In a first-time disclosure of IPN60090, a small-molecule inhibitor of the metabolic enzyme glutaminase (GLS1), researchers from The University of Texas MD Anderson Cancer Center's Therapeutics Discovery division and Ipsen Biopharmaceuticals reported the preclinical discovery and early-stage clinical development of this novel drug. IPN60090, now under investigation in a Phase I trial, may hold benefit for certain patients with lung and ovarian cancers.
MD Anderson's GLS1 program was initiated and advanced by a team of scientists in the Institute for Applied Cancer Science (IACS) and Translational Research to Advance Therapeutics and Innovation in Oncology (TRACTION) platforms, both engines within Therapeutics Discovery. Development of the program continues in collaboration with Ipsen, which licensed the therapeutic in 2018.
Findings and information about the ongoing trial will be presented today at the 2020 American Association for Cancer Research Virtual Annual Meeting I by Jeffrey Kovacs, Ph.D., institute group leader with TRACTION and co-leader of the GLS1 program.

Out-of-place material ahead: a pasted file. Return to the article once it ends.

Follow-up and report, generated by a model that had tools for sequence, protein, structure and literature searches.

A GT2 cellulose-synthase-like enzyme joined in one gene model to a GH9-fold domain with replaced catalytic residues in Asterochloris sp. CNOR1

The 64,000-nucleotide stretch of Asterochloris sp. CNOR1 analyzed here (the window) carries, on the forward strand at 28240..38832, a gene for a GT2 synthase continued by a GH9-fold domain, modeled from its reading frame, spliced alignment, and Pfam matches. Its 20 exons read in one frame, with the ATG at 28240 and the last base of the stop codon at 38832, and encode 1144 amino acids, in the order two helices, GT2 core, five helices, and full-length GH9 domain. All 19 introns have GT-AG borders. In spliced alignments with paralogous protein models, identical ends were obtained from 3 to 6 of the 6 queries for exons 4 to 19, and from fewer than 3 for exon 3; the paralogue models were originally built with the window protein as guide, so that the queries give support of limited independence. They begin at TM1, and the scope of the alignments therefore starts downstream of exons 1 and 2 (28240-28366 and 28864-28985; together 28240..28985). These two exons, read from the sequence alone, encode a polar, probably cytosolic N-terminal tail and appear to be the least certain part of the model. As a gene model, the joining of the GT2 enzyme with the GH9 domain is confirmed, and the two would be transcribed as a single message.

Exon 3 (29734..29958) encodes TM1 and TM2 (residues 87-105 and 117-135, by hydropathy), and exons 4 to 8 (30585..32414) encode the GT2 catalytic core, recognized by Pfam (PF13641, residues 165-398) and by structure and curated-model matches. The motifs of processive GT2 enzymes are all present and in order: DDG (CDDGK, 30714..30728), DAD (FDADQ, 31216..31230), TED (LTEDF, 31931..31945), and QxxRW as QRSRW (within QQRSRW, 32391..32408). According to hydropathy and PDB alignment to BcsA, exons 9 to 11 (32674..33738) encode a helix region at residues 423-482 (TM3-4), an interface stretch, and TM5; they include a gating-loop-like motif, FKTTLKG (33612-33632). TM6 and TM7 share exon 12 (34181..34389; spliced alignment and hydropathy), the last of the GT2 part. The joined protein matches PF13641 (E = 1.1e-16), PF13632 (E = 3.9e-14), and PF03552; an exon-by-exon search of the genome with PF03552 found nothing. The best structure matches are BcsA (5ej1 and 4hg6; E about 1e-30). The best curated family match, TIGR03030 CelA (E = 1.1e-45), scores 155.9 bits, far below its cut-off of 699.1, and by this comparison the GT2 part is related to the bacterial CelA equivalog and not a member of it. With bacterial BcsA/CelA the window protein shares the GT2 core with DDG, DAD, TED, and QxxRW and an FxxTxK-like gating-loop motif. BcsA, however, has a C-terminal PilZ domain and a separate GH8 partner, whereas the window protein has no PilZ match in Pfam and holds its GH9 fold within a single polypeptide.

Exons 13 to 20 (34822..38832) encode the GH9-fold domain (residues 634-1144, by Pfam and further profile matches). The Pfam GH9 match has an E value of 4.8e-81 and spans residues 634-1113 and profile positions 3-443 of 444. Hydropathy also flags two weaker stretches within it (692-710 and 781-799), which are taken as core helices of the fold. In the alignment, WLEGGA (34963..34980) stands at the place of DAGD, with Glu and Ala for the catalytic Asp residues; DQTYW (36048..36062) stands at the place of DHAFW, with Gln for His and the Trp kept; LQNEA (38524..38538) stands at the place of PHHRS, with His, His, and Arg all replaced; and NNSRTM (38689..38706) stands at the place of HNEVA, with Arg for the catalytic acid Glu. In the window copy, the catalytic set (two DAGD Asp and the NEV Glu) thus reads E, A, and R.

This effort is a great example of our strategy within Therapeutics Discovery, taking a comprehensive approach to personalized medicine. Our preclinical data suggest that IPN60090 may be effective in underserved groups of patients who need better treatment options, and we look forward to results from our ongoing clinical trials." Jeffrey Kovacs, Ph.D., Group Leader with TRACTION and Co-Leader of the GLS1 Program
Dysregulation of cellular metabolism is a hallmark of cancer development, and the GLS1 enzyme plays a key role in many metabolic processes. Thus, it makes an attractive target for cancer therapy, explained Kovacs.
IACS drug-discovery scientists identified IPN60090 as a potent and selective inhibitor of GLS1 suitable for clinical trials, and translational researchers in TRACTION demonstrated its activity against subsets of lung and ovarian cancer preclinical models. Related Stories
Also in Industry News
How to decide whether or not to start treatment for prostate cancer?
Analysis of the SARS-CoV-2 proteome via visual tools
$65m investment increases British Patient Capital’s exposure to life sciences and health technology